Title: Glyph, by Donald Haskin
Location: University of Arizona, South of parking garage.
Details: Brushed stainless steel.
This piece has moved around a bit on campus, and now it's off to the
side of the main plaza. Prior to that it sat in an empty concrete basin
because they never got around to filling the base with rocks
It's as though the University received a gift and has to keep it around
in case the donor shows up, but doesn't really want to make the effort
to showcase Glyph
, and that's
To me, Glyph
appears as a
cross between a vaguely human-shaped
petroglyph and a piece of machinery sprouting rocker arms and seated on
a cam shaft; the juxtaposition with the saguaro makes it all the
better. A semi-mechanical man next an ancestral spirit in plant form,
both standing tall with arms reaching for the bright Tucson sky.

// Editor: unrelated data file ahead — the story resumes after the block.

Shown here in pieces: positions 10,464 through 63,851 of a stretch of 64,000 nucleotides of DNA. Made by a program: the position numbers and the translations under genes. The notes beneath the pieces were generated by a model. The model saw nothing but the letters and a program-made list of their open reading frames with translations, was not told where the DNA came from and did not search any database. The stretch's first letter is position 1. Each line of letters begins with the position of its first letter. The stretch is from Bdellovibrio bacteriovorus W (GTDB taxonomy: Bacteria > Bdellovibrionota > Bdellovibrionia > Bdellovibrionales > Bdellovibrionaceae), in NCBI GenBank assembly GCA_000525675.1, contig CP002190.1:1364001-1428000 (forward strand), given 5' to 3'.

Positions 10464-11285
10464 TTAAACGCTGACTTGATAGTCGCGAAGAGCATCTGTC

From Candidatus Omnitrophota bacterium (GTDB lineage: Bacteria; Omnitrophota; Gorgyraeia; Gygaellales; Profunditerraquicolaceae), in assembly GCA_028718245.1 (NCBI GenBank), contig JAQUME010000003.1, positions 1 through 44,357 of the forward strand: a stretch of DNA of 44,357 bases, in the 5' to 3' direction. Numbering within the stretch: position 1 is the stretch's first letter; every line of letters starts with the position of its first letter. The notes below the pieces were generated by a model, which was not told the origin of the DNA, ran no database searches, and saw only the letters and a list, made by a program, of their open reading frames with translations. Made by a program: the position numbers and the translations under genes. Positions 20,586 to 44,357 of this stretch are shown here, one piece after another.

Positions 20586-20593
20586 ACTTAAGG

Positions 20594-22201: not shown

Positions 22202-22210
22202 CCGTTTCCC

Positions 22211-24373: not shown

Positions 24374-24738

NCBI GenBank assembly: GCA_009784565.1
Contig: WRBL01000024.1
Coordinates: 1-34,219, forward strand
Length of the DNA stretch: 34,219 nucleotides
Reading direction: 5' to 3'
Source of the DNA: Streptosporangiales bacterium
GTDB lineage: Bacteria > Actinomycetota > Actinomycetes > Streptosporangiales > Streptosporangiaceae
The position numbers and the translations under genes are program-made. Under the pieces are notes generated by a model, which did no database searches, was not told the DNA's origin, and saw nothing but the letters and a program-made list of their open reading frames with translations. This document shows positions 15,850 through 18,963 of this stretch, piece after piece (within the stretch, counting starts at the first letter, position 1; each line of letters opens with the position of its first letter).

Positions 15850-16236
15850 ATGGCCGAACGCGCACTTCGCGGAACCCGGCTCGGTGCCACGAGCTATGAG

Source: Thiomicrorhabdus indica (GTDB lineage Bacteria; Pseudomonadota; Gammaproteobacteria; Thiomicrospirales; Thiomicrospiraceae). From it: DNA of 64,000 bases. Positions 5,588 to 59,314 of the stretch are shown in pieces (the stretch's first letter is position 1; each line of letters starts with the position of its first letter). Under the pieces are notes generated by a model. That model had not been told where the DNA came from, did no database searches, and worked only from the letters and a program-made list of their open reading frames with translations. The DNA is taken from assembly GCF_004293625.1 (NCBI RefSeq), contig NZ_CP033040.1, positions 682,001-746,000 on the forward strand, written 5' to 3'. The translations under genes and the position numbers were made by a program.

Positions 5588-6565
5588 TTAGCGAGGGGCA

My partner is once again waxing poetic with his description of this
piece! However, that's fine, since art inevitably evokes varying
responses from different people. I like Glyph
, also, for the way it ties
the past and present together, with its Native American petroglyph
heritage and machine-age stainless steel body. It would be fun to see
the piece as the artist intended it to be displayed, surrouned by rocks
etched with petroglyphs based on those created by earlier inhabitants
of the Tucson area. It's doubtful that will happen at this point, but
it's good to imagine it, just the same.
Copyright © 2004 S. Halversen. All rights